Newsletter of the District
- Mar 2002
The Soul Of A Nation
testimony, written fifty years ago, by Rev. Fr. L.A. O'Leary C.SS.R.
the story of a tragedy - the tragedy of a nation's lost soul.
As a result of the Spanish-American War, Spain ceded the Philippine
Islands to the United States. When the Spaniards departed, all
the Spanish missionaries returned to their homeland and into the
vacuum thus created poured hundreds of Protestant missionaries,
differing inevitably in belief and practice but firmly united
in one aim - to destroy the Catholic Faith in the Islands.
Six thousand miles northwest of New Zealand--a mere few hundred
miles off the northern coast of Australia--the soul of a great Catholic
nation is today in the balance. The Philippines is the only Christian
nation of the Orient. In the Providence of God it has happened that
the Philippines have received the priceless gift of Faith, while
so many sister nations still sit in the darkness all around. To
the north is the Empire of Japan with sixty million pagans, to the
west is the great continent of China with its four hundred million,
to the south is Indonesia with its thirty million Mohammedans. In
the center of this circle of paganism lies the Philippines. Of its
twenty million of population, seventeen millions are baptized Catholics.
From here we might expect the light of Faith to spread out over
the East; on the contrary, there is today a real danger that the
Philippines, as a nation, may yet be lost to the Church.
Catholic under Spain
as a seminarian in the Redemptorist of Studies, Sydney, I along
with other students, Australians and New Zealanders, listened spellbound
as returning missionaries spoke to us of the glory and the tragedy
that was the Philippines story, surely one of the most poignant
in the whole long history of the Church.
They told us
of great massive churches and cathedrals gradually falling into
decay, of deserted monasteries and convents; of seven hundred parishes
left almost overnight without a priest; of Catholic people left
abandoned in their thousands and tens of thousands, with no priest
to baptize their children, to celebrate Mass, to hear their confession,
to administer the last Sacraments to the dying.
had been under Spain for four hundred years. Spanish missionaries
converted the people from paganism and made practically all the
islands of the Archipelago solidly Catholic. Then came the Spanish-American
War in 1898. Admiral Dewey destroyed the Spanish Grand Fleet in
Manila Bay. The United States took over the Philippines. The Spaniards
had to depart; with them went a thousand Spanish missionaries. The
people were left without the clergy. Professor Zaide, in his History
of the Philippines, says that one of principal reasons why the
United States determined to annex the Islands instead of giving
them their independence was the pressure brought to bear on President
McKinley by the Protestants groups in America.
21, 1899, McKinley explained to a group of Protestant ministers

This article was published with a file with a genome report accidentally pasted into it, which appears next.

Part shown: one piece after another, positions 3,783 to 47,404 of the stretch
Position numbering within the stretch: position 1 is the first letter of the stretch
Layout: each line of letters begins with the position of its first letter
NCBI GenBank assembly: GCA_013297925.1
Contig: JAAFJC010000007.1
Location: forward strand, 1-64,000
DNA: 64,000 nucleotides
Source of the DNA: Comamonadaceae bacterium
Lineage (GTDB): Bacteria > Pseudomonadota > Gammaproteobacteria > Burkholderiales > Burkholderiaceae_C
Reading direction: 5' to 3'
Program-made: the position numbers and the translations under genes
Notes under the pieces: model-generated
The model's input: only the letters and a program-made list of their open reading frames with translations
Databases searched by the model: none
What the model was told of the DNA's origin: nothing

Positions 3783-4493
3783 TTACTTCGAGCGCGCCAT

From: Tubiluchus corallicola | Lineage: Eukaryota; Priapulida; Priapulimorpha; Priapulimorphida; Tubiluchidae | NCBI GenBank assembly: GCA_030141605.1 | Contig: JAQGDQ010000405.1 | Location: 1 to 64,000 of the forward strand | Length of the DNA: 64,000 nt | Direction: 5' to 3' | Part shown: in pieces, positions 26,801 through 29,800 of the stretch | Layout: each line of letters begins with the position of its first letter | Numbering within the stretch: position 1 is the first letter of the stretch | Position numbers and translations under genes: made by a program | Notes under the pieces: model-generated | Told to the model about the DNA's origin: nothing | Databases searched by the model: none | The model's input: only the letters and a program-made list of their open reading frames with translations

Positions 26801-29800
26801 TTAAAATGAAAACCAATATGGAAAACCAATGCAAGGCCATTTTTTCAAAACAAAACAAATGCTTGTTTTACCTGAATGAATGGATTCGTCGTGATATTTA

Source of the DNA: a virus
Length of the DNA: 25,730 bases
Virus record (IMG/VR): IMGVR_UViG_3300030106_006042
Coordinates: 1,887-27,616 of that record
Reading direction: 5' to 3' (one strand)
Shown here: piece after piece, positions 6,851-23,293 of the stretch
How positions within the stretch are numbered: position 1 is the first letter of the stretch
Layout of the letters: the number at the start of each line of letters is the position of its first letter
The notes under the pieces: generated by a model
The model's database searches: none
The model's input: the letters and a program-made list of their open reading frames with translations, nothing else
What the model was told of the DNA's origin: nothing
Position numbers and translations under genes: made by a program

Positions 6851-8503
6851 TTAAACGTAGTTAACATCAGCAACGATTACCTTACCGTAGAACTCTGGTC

about to leave for the Philippines, why he decided to retain the
Islands: "Before you go I should like to say a word about
the Philippine business. The truth is I did not want the Philippines.
I went down on my knees and prayed Almighty God for light and guidance.
And it came to me, there was nothing left for us to do but to take
them all, and to educate the Filipinos, and uplift and civilize
and Christianize them."
the President of the United States was a little weak in history.
He was going to civilize a country that had been civilized and cultured
for centuries, he was going to Christianize a people that had been
Catholic for four hundred years, he was going to educate a people
who had their own University of San Ignacio in 1621, and the world
famous University of Santo Tomas in 1611; one hundred years before
the first University was founded in the United States. The ministers
saw their chance to deal a blow at the Catholic Church and they
were not slow to take it.
Methodists, and Presbyterians swarmed over the Island like locusts.
One boat alone brought four hundred non-Catholic ministers. Immediately
they set about attacking and undermining the Faith of a defenseless
people. They took over control of nearly all the schools of the
Islands. It was surely a spectacle to make the angels weep-the whole
Catholic childhood of a Catholic nation in the grip of heretical
ministers. And what amazing zeal these Protestants showed! In less
than two years, Presbyterians, Methodists, Baptists, United Brethren,
Seventh Day Adventists, the American Bible Society, and the Y.MC.A.,
formed themselves into the Evangelical Union of Protestants, and
divided the Islands into special spheres of influence, each sphere
to be under the control of one sect without opposition from the
Not until eighteen
months after this Evangelical Union had been formed, did the first
Catholic priest arrive from the United States. The Church had lost
the youth of the Nation. Though many American Government officials
were outstanding men, many others were but bitterly anti-Catholic.
To hope for advancement a Filipino had to sacrifice his Faith. The
most brilliant students were sent to Protestant colleges or universities
in America, and then were sent back to continue the work of proselytizing
amongst their own countrymen.